Croaking Kero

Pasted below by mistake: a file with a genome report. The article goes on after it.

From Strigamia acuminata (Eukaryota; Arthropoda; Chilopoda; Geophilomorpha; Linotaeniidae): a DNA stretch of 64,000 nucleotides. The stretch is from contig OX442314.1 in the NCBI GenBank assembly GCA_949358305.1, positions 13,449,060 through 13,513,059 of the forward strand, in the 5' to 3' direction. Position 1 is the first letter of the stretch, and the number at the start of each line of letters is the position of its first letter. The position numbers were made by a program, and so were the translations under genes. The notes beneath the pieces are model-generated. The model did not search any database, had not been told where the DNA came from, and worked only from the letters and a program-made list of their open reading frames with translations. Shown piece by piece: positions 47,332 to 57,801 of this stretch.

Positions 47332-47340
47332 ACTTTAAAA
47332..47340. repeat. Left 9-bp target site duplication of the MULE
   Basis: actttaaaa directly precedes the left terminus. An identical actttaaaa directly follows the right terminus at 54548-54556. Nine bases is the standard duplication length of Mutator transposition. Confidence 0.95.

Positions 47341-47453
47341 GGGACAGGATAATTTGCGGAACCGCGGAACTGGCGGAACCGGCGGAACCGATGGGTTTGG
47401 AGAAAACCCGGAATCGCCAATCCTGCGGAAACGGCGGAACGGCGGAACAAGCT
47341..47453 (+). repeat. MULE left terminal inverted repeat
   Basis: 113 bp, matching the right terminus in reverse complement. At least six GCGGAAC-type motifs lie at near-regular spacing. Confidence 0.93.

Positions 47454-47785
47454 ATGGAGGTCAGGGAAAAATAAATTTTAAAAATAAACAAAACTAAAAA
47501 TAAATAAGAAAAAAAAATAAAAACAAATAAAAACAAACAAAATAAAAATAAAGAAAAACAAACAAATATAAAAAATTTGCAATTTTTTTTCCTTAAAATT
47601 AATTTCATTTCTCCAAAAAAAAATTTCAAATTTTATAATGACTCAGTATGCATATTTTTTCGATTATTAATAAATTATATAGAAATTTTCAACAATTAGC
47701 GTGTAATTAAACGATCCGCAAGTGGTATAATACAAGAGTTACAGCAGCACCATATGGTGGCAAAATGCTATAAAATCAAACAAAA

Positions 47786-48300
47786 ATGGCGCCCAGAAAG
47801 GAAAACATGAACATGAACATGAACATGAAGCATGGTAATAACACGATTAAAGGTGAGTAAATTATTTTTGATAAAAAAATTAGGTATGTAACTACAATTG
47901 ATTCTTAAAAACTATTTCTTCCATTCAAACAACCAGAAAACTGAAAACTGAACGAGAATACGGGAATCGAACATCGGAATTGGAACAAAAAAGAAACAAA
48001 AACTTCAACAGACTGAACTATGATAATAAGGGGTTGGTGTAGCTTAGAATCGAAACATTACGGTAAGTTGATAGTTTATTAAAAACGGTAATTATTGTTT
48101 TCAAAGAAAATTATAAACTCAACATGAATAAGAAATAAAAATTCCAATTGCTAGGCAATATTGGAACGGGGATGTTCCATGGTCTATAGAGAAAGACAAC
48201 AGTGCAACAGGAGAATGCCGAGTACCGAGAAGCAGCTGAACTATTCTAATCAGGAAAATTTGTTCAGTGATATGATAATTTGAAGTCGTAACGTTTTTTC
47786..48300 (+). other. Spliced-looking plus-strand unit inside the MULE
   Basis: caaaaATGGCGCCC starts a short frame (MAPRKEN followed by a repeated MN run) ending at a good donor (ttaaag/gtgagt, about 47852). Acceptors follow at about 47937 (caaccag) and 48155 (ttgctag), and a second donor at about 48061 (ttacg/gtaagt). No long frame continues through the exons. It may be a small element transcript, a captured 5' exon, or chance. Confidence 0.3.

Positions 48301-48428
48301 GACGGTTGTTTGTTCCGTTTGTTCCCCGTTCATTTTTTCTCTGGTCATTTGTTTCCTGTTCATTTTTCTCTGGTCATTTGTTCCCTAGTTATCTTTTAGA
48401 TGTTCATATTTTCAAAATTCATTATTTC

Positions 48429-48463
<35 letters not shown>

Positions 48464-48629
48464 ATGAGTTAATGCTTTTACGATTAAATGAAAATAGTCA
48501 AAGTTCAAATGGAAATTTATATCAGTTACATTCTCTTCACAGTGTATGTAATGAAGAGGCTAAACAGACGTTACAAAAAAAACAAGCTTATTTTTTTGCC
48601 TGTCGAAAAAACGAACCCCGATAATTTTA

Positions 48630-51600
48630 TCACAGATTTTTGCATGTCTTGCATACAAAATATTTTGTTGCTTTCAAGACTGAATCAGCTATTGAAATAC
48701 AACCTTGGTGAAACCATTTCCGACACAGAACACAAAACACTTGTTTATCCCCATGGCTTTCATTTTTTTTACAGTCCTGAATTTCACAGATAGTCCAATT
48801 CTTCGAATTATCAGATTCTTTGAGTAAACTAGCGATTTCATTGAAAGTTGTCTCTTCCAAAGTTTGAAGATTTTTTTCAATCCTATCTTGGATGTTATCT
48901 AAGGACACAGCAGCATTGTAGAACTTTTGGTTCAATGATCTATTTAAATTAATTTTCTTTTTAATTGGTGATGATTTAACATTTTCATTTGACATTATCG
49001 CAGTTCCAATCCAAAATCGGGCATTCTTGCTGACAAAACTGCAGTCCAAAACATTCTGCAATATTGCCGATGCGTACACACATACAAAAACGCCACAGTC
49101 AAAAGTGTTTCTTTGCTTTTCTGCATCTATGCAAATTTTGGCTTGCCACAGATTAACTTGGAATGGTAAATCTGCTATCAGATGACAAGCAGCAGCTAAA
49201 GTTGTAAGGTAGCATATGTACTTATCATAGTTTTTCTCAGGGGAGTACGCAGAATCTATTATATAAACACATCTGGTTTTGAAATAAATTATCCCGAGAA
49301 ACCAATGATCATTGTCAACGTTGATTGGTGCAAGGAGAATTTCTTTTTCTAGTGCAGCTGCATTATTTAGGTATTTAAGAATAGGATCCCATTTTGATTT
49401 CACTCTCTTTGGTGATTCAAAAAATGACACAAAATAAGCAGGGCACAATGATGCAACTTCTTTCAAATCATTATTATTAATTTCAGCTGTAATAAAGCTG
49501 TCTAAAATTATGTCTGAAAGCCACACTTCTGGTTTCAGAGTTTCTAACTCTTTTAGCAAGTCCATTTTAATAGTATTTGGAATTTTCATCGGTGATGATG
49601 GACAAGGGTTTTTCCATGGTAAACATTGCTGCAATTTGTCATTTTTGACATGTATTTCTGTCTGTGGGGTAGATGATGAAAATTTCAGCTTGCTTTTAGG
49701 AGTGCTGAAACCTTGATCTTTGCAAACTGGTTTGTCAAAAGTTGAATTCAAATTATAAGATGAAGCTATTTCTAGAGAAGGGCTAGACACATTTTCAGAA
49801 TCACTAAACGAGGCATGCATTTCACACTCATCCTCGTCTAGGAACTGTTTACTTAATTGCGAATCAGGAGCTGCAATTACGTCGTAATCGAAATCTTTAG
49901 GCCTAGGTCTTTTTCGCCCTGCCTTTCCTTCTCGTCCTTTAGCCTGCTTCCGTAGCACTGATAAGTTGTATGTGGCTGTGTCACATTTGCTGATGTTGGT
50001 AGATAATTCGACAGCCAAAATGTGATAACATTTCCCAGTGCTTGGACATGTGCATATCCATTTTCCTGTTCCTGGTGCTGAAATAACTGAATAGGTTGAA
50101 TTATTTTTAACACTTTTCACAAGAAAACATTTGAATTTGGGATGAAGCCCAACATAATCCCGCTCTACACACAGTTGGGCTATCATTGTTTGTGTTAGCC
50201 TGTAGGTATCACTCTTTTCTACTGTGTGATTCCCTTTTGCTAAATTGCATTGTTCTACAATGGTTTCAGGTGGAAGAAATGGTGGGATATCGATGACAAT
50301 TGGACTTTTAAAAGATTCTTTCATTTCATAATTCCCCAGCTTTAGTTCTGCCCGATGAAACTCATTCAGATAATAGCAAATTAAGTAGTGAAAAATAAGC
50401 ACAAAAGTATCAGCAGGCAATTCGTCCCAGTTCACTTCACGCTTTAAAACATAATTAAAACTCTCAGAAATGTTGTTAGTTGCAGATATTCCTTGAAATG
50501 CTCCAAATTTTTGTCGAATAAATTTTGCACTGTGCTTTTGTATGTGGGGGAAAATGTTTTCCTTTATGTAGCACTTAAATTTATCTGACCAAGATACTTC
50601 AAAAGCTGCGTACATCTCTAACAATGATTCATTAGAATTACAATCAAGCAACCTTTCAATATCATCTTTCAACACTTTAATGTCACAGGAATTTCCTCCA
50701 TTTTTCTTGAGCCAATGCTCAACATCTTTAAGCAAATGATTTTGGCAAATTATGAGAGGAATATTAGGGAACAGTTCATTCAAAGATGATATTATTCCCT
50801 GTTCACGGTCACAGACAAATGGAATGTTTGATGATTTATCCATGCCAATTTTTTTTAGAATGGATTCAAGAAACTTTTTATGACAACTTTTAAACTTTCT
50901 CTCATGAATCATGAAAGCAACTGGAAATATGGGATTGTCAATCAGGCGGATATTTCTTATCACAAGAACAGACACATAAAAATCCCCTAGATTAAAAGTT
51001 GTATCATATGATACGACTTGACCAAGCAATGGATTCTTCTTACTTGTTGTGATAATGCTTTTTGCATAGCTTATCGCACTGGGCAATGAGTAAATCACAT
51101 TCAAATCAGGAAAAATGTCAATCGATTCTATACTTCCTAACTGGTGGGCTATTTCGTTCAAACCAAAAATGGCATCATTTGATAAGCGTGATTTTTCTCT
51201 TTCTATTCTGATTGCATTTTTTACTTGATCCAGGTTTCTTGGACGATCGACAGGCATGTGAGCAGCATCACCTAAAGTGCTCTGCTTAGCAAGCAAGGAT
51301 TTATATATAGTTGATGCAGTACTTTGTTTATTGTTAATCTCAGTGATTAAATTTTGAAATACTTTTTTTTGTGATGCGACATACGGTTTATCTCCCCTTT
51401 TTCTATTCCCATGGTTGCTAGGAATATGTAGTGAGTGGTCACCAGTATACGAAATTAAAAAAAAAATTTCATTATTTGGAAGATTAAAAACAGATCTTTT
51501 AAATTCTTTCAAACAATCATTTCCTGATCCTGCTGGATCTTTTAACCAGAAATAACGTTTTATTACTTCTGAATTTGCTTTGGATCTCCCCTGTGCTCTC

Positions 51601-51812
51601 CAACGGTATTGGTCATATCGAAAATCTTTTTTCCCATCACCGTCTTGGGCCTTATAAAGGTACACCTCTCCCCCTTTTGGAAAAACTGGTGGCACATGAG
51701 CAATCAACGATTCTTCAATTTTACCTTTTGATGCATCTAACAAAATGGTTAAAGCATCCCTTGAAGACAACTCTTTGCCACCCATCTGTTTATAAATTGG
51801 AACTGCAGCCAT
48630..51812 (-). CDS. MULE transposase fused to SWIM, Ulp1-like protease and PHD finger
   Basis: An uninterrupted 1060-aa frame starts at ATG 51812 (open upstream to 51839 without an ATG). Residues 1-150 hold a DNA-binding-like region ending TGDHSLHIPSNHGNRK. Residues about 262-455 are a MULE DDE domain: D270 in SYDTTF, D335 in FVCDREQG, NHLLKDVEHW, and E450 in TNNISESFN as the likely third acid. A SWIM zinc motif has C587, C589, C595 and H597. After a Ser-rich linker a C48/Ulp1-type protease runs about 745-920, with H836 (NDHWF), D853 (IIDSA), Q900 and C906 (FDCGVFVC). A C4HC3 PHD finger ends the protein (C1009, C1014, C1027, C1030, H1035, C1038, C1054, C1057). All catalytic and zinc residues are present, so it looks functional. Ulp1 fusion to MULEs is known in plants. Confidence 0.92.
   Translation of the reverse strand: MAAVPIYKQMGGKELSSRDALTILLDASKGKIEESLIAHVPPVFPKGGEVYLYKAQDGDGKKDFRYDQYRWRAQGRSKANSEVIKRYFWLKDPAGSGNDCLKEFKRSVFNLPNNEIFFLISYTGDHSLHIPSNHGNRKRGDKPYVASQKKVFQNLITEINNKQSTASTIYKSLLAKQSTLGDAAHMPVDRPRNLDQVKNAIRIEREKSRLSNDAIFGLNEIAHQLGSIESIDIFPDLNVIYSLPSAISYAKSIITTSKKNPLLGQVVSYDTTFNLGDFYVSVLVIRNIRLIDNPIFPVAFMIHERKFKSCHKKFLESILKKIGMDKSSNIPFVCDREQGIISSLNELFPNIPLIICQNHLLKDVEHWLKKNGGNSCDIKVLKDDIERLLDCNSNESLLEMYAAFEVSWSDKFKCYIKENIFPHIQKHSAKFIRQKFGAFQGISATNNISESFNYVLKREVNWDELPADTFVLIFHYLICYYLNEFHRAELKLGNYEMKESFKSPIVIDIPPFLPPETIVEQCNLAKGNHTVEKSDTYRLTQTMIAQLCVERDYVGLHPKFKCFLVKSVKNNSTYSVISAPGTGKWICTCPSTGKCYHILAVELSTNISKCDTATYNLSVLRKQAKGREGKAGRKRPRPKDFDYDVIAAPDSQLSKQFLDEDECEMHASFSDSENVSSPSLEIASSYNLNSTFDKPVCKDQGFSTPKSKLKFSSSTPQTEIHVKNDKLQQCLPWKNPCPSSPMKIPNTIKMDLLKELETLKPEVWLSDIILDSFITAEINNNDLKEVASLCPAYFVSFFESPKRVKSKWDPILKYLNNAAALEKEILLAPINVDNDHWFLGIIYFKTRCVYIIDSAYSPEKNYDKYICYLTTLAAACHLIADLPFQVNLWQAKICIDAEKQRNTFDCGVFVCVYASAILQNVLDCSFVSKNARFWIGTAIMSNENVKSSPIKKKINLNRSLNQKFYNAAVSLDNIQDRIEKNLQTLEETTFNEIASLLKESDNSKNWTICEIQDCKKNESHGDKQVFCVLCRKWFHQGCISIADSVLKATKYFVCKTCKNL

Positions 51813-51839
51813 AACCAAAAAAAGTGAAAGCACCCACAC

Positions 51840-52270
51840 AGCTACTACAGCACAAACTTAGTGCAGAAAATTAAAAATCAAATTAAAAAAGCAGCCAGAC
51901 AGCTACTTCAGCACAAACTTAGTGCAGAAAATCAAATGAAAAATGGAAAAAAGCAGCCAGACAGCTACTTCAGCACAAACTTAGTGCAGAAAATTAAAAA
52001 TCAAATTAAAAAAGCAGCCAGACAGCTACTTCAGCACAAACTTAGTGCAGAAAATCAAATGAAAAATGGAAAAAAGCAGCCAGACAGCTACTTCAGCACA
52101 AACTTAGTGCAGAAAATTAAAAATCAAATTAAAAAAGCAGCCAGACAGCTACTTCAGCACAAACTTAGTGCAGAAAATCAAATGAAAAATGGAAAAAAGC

Pico-8 has a simple save system which allows you to set a cartridge ID: cartdata("mycoolgame") Then store/read 64 number values, each 32 bits: dset(index, value) var = dget(index) This works well enough if all you want to store is the level a player has reached and a high score. But what if you want to store more? The simplest way to expand this storage is by peeking and poking the memory directly. After running cartdata as above you can access your saved data in memory from 0x5e00 to 0x5eff value = peek(0x5e00) poke(0x5e00, value) Peek and poke read and write a single byte (8 bits), so by using these you can quadruple the number of values you can store! However these values are limited to 8 bit integers. You can mix and match 32-bit and 8-bit numbers by also utilizing peek4 and poke4 which are the same as peek and poke but use 4 bytes each instead of 1. However, what if 256 8-bit numbers aren’t enough for you? What if, hypothetically, you were working on a Pokemon-inspired monster-catching RPG, having to store the level, selected moves and experience for each mon in your party, and keeping track of the players items, having a customizable character and multiple save slots? Well then you’d probably need a binary save system. The binary save system I’ve come up with works like this: - Start with a binary table of 2048 boolean (true/false) values. - Convert various kinds of data to binary and store it in the table. - Convert the table to 8-bit chunks. - Save/load these 8-bit chunks with peek/poke. With the above system you can store any kind of data you want, as long as you can convert it to and from binary. Booleans are simple; you set a value in the binary table: bintable[n] = true Now the first thing to do is to figure out how we can take our binary table and save it into the cartdata, and load that cartdata back into the binary table. Let’s start with saving. function commit_bintable() for i=0,127 do poke(0x5e00+i, get_poker(i)) end end This function is pretty simple. It iterates 128 times and pokes 128 “pokers” into the cartdata. The tougher part is creating those pokers. Here’s the code: function get_poker(_i) _i=_i*8+1 local _poker=0 for n=0,7 do if(bintable[_i+n]) _poker += 2^n end return _poker end First we take our _i value (0-127) which is the poker index and convert it to a starting position in the binary table. Then we loop over 8 bits in the table to calculate _poker. Starting from bit 1 and going to bit 8 in the table, each bit represents 2^n. So to switch the nth bit from 0 to 1 in our integer poker we add 2^n to it. This results in some meaningless number whose bits each correspond to the 8 bits in this section of the binary table. Binary: 0 0 0 0 0 0 0 0 Represent: 1 2 4 8 16 32 64 128 By adding any of those 2^n numbers we can switch a 0 bit to a 1. And that’s saving the binary table done! On to loading it: function load_bintable() for i=0,127 do local _poker=peek(0x5e00+i) for j=0,7 do bintable[i*8+1+j] = get_bit(_poker,j) end end end We iterate over our 128 “pokers” – though we’re peeking them this time – and extract each of their 8 bits into the binary table. The key to all this is the get_bit function. So here it is: function get_bit(_value,_n) return flr(shr(_value,_n))%2 == 1 end Let’s break that down. We take our _value which in this case will be an 8-bit integer. We shift its bits _n spaces to the right, remove everything after the decimal point and check whether it’s even or odd. Sound a bit complicated? Let’s take a look at what’s happening in binary. Say we’ve retrieved a poker and it’s 203. In binary: 0b11001011 Then we shift the bits to the right 1 space: 0b1100101.1 We no longer have an integer so we floor it: 0b1100101 Then we use the % (modulus) operator to check if 2 divides into it evenly or if there is a remainder. If the rightmost bit is 1 then the number is odd and our value%2 will return 1. If the rightmost bit is 0 then the number is even and value%2 will return 0. To convert this to a boolean value (true/false) we compare it with ==1 and return the result. Just like that we can take our 8-bit pokers and extract each bit into our binary table! Now that we’ve got a binary table being saved and loaded let’s fill it with useful information! The most important thing to start with is integers. I want each integer to take up the minimum number of bits necessary for that particular piece of data so I’ve created these functions: function numtobintable(_value,_dest,_nbits) for i=0,_nbits-1 do bintable[_dest+i]=get_bit(_value,i) end end function bitstonum(_addr,_nbits) local _p=0 for i=0,_nbits-1 do if(bintable[_addr+i])_p+=2^i end return _p end In numtobintable we take an integer value, destination in the binary table and a number of bits to take up. All we have to do is iterate over each bit in the number with get_bit and put those bits into the binary table. Easy! Loading the integers is a little more difficult but it should be familiar. We start with the number 0 then iterate over each bit, adding 2^i whenever the bit is true and not adding anything for false. Pretty simple really, aye? But hold on, how do you know how many bits to use for each integer? You’ll have to figure out what the maximum value is you might be saving for each variable, then find the lowest power of 2 number it fits into, minus 1. With a single bit you can store 2 values, with 2 bits you can store 4, then 8, 16, etc. Say you want to save a Notemon’s level for example. Notemon can be any level from 1 to 50. That’s 50 values, so the lowest power of 2 greater than or equal to that is 64. 64 is 2^7. Minus 1 equals 6, so we need 6 bits to store values from 1-50. To verify, our 6 bits will represent multiples of 1, 2, 4, 8, 16, 32. If all of those bits were true they’d add up to 63. Including 0 as a possible value that means 64 total values so we’ve found the minimum number of bits necessary to save this piece of information! So with that we can store useful information in our binary table. That really is all you need to make a pretty comprehensive save/load system! One last thing before I sign off from my first article though: strings! I’m not currently using this feature in Notemon, but at one point I wanted players to be able to name their mon so I made the following code: chartoint={a=1,b=2,c=3,d=4,e=5,f=6,g=7,h=8,i=9,j=10, k=11,l=12,m=13,n=14,o=15,p=16,q=17,r=18,s=19,t=20, u=21,v=22,w=23,x=24,y=25,z=26,_=27} inttochar={"a","b","c","d","e","f","g","h","i","j", "k","l","m","n","o","p","q","r","s","t", "u","v","w","x","y","z","_"} function save_string(_str,_addr,_len) for i=0,_len-1 do numtobintable(27,_addr+i*5,5) end for i=1,#_str do numtobintable(chartoint[sub(_str,i,i)],_addr+(i-1)*5,5) end end function load_string(_addr,_l) local _s="" for i=0,_l-1 do local _c=inttochar[bitstonum(_addr+i*5,5)] if(_c=="_"or _c==nil)break _s=_s.._c end return _s end chartoint and inttochar aren’t even functions – they’re tables! Since Pico-8 doesn’t have any ord() function to convert characters to and from integers I just made a couple of tables to go back and forth. Simple stuff. save_string has two for loops which might seem odd at first. The first loop starts at the address and basically clears all the characters to the “_” character which I chose as a code meaning “end string here”. It could be anything, or you could have fixed length strings and not need this first loop but Notemon names needed to be variable in length. Next we loop over each character in the string and add it to the binary table. See all that *5 stuff going on? That’s because I allowed for 27 characters. As above I calculated that would require 5 bits to store. In load_string we start with an empty string then copy each character from the binary table into the string until we hit the “_” character. That’s all, folks! I really hope this is helpful to the Pico-8 community. I have previously searched for a Pico-8 binary save system and found something on the BBS but it was esoteric. Instead I muddled my way until I finally understood binary and how to use it in Pico-8. Here’s a cart with all the code, along with some bonus code for the naming screen I made for Notemon and the code to generate that matrix background you see in the cart image 🙂 Thanks for reading my post. Expect more Pico-8 tech posts as I continue creating Notemon! Also available on the Pico-8 BBS: